Brazil’s economic activity fell in June for the first time since 2008, adding to worries Latin America’s biggest economy could slow more than was hoped for.
The central bank’s IBC-Br economic activity index fell 0.26 per cent in June from May, the first sequential drop since December 2008, when the global financial crisis plunged major economies into recession.Economists have been revising down their forecasts for Brazilian economic growth this year amid both a weaker global economy and a slew of local factors, such as stubbornly high inflation rates.In a report dated on Wednesday, Morgan Stanley not only lowered its view for growth in the developed world this year, but also cut its Brazil GDP forecast to 3.7 per cent from a previous 4 per cent this year.For next year, the cut was steeper: to 3.5 per cent from 4.6 per cent. Brazil’s economy is showing strain after a 7.5 per cent surge last year, its biggest jump in 24 years.But that growth also came with rising consumer prices — the fastest year-end inflation in six years. The benchmark IPCA has advanced even more since then, above a 6.5 per cent government ceiling since April.The central bank has now raised interest rates five times - in every single meeting under bank President Alexandre Tombini, who took office in January - to lift them to 12.5 per cent from 10.75 per cent this year. But price increases remain sticky, boosted in part by rising salaries amid a tight labor market.Policymakers face a difficult trade-off: Higher interest rates might rein in those worrisome inflation rates but could also slow economic growth. But not braking inflation would also eat into real gains.And the lower-income voters who helped propel Dilma Rousseff into the country’s presidency last year are keeping a close eye on inflation, interest rates and what economic gains they can expect in her fledgling administration.Sagging industrial output and retail sales data in recent weeks have fanned worries the economy might be losing steam faster than initially expected.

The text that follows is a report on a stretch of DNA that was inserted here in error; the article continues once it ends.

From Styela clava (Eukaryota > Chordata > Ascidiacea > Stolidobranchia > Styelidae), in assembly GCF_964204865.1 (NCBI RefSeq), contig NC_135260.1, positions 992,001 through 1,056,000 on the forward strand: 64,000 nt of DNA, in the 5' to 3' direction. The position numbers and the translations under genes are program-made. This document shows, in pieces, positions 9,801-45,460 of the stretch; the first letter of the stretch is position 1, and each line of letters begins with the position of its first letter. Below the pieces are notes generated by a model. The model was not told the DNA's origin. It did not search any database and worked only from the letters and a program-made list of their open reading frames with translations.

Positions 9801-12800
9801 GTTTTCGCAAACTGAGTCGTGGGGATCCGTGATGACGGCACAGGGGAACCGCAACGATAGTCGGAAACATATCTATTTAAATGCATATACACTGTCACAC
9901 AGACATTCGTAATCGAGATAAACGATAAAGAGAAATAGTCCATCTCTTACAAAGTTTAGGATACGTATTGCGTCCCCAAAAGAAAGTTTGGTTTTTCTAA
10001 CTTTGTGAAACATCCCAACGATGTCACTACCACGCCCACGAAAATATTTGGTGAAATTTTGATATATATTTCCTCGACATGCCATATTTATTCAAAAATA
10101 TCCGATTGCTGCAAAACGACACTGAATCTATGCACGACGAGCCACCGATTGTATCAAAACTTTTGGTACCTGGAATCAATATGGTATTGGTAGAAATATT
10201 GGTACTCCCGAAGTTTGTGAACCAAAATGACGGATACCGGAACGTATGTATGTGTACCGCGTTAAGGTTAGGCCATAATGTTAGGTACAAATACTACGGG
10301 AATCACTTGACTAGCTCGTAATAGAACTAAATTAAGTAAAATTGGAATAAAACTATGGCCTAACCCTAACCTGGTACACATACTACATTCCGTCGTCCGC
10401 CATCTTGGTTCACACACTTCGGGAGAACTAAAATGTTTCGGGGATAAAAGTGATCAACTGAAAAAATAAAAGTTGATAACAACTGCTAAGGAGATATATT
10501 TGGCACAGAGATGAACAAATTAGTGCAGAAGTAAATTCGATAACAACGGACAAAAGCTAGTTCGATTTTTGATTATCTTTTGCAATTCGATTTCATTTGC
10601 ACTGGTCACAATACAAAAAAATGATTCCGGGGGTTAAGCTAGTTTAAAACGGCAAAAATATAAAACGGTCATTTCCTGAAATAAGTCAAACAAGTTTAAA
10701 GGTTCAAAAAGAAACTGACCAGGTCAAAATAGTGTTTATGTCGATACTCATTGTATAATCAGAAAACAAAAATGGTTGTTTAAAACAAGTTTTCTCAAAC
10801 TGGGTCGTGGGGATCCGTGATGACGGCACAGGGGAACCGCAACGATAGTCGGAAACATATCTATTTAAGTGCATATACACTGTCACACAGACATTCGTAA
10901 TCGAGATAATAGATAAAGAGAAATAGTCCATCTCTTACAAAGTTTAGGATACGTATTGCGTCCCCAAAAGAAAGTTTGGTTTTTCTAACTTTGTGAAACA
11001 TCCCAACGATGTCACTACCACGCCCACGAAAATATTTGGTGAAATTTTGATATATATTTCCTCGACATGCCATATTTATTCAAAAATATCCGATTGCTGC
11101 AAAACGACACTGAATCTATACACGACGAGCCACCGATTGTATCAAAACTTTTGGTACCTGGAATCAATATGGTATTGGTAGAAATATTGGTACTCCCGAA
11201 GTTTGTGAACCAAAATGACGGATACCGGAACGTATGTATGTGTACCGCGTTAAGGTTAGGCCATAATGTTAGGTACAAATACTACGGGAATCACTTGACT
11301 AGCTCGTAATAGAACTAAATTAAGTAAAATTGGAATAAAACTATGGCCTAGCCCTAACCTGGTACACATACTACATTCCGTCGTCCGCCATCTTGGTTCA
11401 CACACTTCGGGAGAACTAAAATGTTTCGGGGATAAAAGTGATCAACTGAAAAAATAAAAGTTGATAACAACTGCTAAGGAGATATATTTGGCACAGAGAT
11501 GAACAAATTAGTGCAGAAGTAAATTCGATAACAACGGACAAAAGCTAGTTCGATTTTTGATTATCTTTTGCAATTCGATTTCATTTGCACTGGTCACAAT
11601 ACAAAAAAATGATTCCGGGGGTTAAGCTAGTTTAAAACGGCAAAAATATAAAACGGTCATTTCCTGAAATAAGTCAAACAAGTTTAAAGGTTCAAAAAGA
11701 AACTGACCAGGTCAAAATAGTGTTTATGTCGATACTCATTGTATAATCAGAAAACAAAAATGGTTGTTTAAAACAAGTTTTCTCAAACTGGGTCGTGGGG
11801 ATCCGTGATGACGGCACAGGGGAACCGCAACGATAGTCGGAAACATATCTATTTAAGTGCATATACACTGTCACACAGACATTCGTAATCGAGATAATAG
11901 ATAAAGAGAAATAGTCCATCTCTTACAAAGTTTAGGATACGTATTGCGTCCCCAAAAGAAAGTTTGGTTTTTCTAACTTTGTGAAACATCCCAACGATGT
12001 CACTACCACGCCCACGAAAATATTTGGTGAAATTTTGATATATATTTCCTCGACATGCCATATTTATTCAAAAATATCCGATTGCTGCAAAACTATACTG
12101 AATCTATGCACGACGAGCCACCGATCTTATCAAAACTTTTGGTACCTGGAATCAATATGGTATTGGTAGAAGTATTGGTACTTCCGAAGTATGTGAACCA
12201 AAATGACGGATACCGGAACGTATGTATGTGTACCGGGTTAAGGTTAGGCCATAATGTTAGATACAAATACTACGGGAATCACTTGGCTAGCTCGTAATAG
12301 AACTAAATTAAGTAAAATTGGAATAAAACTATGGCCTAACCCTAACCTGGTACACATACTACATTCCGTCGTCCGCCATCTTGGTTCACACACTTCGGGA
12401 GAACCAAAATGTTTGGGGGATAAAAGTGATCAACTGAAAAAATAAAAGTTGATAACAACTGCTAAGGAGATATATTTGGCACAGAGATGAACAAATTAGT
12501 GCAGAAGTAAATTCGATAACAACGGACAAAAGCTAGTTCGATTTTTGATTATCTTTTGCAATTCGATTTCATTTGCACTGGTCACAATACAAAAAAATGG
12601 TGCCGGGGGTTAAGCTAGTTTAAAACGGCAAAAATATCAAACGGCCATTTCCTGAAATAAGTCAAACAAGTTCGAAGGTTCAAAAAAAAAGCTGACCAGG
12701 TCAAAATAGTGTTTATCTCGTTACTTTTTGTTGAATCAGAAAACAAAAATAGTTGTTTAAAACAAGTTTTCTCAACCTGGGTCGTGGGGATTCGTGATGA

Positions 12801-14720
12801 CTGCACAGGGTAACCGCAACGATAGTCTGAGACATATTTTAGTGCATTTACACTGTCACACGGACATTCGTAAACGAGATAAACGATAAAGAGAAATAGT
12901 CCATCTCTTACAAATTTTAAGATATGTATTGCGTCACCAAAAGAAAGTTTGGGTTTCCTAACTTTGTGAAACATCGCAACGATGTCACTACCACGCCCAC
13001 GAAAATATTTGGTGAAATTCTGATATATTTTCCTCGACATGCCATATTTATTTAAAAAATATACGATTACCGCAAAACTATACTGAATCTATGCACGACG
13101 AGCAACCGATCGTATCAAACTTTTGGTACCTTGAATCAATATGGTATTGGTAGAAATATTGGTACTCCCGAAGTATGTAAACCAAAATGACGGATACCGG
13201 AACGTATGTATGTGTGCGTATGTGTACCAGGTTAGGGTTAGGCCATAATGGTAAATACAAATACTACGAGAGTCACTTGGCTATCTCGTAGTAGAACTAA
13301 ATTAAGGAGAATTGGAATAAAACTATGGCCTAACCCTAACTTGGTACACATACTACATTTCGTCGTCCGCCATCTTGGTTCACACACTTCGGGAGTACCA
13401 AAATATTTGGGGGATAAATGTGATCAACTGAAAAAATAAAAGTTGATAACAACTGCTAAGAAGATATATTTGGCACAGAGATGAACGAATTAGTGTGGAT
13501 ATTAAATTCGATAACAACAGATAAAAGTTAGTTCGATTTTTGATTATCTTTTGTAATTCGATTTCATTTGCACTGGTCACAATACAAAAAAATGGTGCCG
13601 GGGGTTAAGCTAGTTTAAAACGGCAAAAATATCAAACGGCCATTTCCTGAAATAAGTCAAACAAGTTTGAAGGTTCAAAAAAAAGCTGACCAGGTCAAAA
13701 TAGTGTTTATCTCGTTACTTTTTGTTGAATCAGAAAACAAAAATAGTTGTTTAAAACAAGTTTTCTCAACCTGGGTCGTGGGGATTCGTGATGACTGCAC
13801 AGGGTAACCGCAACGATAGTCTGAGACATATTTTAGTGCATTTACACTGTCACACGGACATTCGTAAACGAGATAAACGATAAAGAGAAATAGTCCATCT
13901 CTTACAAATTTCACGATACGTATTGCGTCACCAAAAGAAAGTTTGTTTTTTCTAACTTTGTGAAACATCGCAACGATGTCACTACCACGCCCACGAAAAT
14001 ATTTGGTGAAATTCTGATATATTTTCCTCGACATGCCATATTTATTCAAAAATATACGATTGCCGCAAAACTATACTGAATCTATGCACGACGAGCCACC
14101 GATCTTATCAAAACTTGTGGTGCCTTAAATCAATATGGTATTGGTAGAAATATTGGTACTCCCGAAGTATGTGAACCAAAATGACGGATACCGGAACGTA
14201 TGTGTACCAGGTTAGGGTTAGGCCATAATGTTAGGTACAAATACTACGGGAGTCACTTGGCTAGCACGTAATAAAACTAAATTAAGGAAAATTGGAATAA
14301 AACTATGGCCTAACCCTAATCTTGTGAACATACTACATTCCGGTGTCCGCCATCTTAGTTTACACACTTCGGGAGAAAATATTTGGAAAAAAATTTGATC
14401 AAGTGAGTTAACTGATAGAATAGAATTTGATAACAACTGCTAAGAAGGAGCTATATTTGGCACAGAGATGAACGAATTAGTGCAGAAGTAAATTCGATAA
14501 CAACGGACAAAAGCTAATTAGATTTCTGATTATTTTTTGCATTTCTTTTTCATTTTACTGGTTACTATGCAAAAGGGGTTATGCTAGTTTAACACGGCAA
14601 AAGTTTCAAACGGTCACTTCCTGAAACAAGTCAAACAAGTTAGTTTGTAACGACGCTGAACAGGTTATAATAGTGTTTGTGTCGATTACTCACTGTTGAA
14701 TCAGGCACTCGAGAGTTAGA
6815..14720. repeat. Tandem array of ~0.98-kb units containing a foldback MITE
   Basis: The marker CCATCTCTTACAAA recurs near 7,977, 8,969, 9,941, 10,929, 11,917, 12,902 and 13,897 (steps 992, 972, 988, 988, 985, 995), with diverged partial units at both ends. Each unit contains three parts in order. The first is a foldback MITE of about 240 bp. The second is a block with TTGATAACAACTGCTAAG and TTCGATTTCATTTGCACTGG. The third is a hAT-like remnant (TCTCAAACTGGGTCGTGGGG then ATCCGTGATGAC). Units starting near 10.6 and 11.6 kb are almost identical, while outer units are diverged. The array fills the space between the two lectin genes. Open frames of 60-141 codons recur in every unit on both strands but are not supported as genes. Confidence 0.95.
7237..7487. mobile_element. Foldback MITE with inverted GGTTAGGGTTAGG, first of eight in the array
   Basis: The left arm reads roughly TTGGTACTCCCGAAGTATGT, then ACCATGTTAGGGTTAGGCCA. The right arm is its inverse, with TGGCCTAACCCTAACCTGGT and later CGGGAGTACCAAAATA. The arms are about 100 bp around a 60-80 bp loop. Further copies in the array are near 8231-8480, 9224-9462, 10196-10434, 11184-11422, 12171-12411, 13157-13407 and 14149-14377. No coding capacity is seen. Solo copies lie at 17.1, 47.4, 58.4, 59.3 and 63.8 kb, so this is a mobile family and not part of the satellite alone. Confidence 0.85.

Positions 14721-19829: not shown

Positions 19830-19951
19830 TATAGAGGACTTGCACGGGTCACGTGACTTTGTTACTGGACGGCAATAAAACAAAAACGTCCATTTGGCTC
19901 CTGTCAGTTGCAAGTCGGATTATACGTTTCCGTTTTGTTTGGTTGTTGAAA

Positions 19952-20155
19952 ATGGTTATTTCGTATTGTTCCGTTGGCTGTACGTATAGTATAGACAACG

“The bottom line is that the economy likely slowed much more than we anticipated in the second quarter,” Goldman Sachs economist Paulo Leme told clients in a note. “The initial conditions for activity are worse even before we consider the risk of contraction shocks coming from abroad.”The bank also revised down growth in May from April to 0.05 per cent from a previously reported 0.17 per cent.According to Barclays Capital economist Marcelo Salomon, the central bank’s revisions shaved nearly one-third of a per centage point off growth in the January-May 2011 period.Leme said the data, coupled with concerns about a global economic slowdown, increased odds the central bank would hold its benchmark lending rate on Aug.31 rather than raise interest rates as Goldman Sachs previously forecast.
The central bank has raised interest rates five times this year to 12.5 per cent to try to rein inflation as it rose to its fastest pace in six years.Yields on Brazilian interest rate futures contracts sank in on Wednesday trade on concerns activity could be slowing at a faster pace than expected. Investors usually push rates lower when they expect economic activity to slow.
The yield on the rate contract due January 2013, among the most highly traded early in the session, slumped to 11.75 per cent from 11.86 per cent in the previous session.
Boosting Brazil’s ethanol output has been singled out for $1.9 billion of that total. The government and the company have been concerned over the failure of the cane sector to meet growing domestic demand for the fuel.Bad weather and lack of investment in crop rotation to keep yields up and in expansion over the past years since the global financial crisis has caused Brazil’s cane output to fall for the first time in a decade this season.
Consequently, ethanol production has not kept pace with local demand from the growing fleet of flex-fuel cars in Brazil. Motorists have been switching increasingly to gasoline due to high ethanol prices.This has left scrambling to buy gasoline on international markets at a financial loss due to the government cap on local fuel prices.
From / Gulf Today